Fear of Peer Comparison Removed

Another benefit of online learning is that there is little peer comparison. No one needs to know that it took one student twice as long as another to finish an assignment, that another student needed to do additional assignments, or that yet another student chose a different method of assessment.

Occasionally, I have two students both taking the same course at the same school. When the content starts to differ for two students who work closely together, I have received emails asking if something was missing or why his/her course looks different from that of his/her friends. Those situations are rare and a simple explanation to the student usually clears things up.

There are also other teachers at our school who make use multiple-choice quiz that randomly chooses 25 out of 50 possible options. This prevents collaboration on assignments that are meant to evaluate individual skill.

Ease of Adjusting Instruction and Assessment to Meet the Needs of the Student

Most importantly, formative assessment is implemented to allow the teacher to adjust the teaching to meet the individual needs of students. In a face-to-face classroom, switching from one assignment to another for one or two students may lead to increased classroom management issues, peer comparisons, and self-defeating attitudes (Wren and Cotton, 11/06/2008). In an online environment, the teacher has space and flexibility to change the path to the learning goals without the worry of how to explain or give instructions for three or more different assignments in the same class period and still keep students on task.

In our professional learning communities, all teachers have incorporated at least one unit where the students can choose between option 1 or option 2. The feedback from students indicates that they are more engaged because they are able to choose something that is of interest to them. We are making sure that the students have multiple methods to demonstrate their learning, whether it be through a written essay, an audio file, or even an artwork. Read and Write is a software package that we have invested in (Read and Write, n.d.). Read and Write allows the student to highlight a list of vocabulary words and the program will automatically generate a written definition and a picture definition. Read and Write will also read a web page or a Google document to a student. We use Read and Write with our students as a reading strategy where they can highlight key areas of text using different colors for different themes. The program will pull all the highlights into a Google Docs document and cite the source at the bottom. This program supports the Universal Design for Learning philosophy where a student doesn’t have to be identified with a learning disability to access the resource (Universal Design for Learning, n.d.). Every student has access to the program.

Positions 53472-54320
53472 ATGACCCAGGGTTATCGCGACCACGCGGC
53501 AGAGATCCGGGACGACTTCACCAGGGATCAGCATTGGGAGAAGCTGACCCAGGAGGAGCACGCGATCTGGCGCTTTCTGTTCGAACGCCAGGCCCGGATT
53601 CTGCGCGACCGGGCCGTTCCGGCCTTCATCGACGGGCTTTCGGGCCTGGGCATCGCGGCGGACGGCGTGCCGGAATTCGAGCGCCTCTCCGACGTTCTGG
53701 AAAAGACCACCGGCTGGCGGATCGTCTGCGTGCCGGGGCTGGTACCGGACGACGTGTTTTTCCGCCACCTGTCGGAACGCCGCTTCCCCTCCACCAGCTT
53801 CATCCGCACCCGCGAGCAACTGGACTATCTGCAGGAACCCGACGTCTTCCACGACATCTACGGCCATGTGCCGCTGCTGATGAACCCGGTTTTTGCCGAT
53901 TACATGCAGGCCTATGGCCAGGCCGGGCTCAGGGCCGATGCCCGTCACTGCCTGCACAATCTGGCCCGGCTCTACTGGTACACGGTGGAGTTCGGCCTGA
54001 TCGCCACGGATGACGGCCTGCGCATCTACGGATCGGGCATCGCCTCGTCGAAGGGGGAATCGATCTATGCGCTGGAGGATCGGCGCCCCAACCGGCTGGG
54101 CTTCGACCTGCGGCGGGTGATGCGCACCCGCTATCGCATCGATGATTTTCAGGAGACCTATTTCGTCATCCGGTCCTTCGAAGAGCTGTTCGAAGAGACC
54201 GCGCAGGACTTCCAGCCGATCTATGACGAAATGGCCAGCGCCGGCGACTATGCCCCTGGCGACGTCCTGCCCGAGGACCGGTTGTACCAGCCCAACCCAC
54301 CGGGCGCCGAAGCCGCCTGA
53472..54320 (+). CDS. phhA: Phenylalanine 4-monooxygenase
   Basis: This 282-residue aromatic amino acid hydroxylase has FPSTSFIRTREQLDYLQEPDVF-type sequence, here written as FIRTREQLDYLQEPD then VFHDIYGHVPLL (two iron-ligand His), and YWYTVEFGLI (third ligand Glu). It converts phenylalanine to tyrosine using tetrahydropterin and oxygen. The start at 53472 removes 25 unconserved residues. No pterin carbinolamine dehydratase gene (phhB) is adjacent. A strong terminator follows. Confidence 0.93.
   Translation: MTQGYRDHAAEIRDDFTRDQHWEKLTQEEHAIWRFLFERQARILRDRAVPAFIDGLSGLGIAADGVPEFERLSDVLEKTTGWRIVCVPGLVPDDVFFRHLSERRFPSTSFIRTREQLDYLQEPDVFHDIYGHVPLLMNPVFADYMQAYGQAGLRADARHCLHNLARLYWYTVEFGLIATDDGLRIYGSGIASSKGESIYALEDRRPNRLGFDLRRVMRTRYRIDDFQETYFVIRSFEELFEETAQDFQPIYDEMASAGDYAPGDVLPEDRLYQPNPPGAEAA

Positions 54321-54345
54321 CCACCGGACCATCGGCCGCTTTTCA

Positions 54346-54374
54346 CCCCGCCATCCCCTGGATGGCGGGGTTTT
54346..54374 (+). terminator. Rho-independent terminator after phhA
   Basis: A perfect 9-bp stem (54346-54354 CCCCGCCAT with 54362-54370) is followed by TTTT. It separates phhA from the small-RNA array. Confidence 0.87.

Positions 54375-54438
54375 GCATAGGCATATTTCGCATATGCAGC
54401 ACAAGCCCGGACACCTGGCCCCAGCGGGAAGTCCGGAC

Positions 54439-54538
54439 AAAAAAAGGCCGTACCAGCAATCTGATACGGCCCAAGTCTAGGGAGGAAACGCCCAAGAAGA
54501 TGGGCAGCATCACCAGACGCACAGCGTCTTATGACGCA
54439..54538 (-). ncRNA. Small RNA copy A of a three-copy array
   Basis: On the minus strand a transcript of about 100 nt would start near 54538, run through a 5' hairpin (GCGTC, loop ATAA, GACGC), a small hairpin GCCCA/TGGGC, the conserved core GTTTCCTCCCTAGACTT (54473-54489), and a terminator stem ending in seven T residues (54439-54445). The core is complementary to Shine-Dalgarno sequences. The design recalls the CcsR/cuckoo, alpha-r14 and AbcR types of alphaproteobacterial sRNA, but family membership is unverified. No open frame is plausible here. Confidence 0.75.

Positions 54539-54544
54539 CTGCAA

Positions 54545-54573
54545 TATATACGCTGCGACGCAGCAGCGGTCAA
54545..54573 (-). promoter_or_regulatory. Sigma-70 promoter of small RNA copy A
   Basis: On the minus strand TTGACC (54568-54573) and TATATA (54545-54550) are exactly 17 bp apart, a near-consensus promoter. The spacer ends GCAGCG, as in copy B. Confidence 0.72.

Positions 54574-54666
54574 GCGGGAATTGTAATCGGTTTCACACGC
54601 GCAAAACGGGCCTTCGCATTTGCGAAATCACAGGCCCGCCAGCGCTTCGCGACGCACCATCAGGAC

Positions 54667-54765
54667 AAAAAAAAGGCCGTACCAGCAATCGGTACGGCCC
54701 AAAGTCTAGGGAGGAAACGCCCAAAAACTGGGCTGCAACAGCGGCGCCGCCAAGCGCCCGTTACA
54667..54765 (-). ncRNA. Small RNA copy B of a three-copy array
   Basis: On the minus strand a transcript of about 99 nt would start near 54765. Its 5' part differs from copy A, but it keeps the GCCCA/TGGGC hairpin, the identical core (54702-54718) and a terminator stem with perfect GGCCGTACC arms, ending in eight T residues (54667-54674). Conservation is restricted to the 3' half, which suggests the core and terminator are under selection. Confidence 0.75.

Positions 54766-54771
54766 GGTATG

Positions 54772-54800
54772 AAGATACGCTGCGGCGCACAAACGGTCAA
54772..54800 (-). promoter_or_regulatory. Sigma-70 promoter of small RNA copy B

The barrier to learning created by a belief that not all students can be successful is one that, unfortunately, my experience has led me to believe is still a strong barrier in online learning (Wren and Cotton, 11/06/2008). Time and time again, I see an underlying belief by both teachers and students that not all students can be successful online. Data from the Chinook School Division indicates that 98% of their students are successful in passing their online courses (Budd, 3/09/2016). This level is well above the same province’s graduation rates of 74.8% (Graney, 1/13/2016). I know changing unchallenged beliefs can be difficult, but perhaps further data provided and the increased effective use of formative assessment online can help to establish a belief that online students are every bit as capable of success as are face-to-face students.

References and Resources

Allen, I.E., & Seaman, J. (2007). Online nation: Five years of growth in online learning. Online Learning Consortium. Retrieved 9/5/2016 from

Biem, R. (2016). Online learning. Retrieved 9/5/2016 from

Black, P., & Wiliam, D. (1998). Inside the black box: Raising standards through classroom assessment. Assessment Group of the British Educational Research Association. Retrieved 9/5/2016 from

Blackboard (1998). Educational benefits of online learning. Retrieved 9/5/2016 from

Budd, S. (3/09/2016). Interview by R. Biem. Chinook Cyber School, Swift Current, Saskatchewan.

Graney, E. (1/13/2016). Saskatchewan graduation rates stall. Regina Leader-Post. Retrieved 9/5/2016 from

Heritage, M. (2011). Formative assessment: An enabler of learning. New Horizons for Learning. Retrieved 9/5/2016 from

Moodle (n.d.). Moodle. Retrieved 11/5/2016 from

Moursund, D. (7/9/2016). Project Tomorrow: A report on uses of computer technology in education. IAE Blog. Retrieved 9/14/2016 from

Mupinga, D.M., Nora, R.T., & Yaw, D.C. (2006). The learning styles, expectations, and needs of online students. College Teaching. Retrieved 9/14 2016 from

Read and Write (n.d.). Read and Write. Retrieved 12/5/2016 from

TeacherStream (2009). Mastering online discussion board facilitation. Retrieved 9/5/2016 from

Universal Design for Learning (n.d.). National Center on Universal Design for Learning. Retrieved 12/5/2016 from

Wren, D.G., & Cotton, J.A. (11/06/2008). Using formative assessment to increase learning. Retrieved 9/5/2016 from


Racquel Biem is a teacher at the Chinook Cyber School currently living in Swift Current, Saskatchewan, Canada. Her interests range from technology to arts. She is also interested in running, reading, and education. See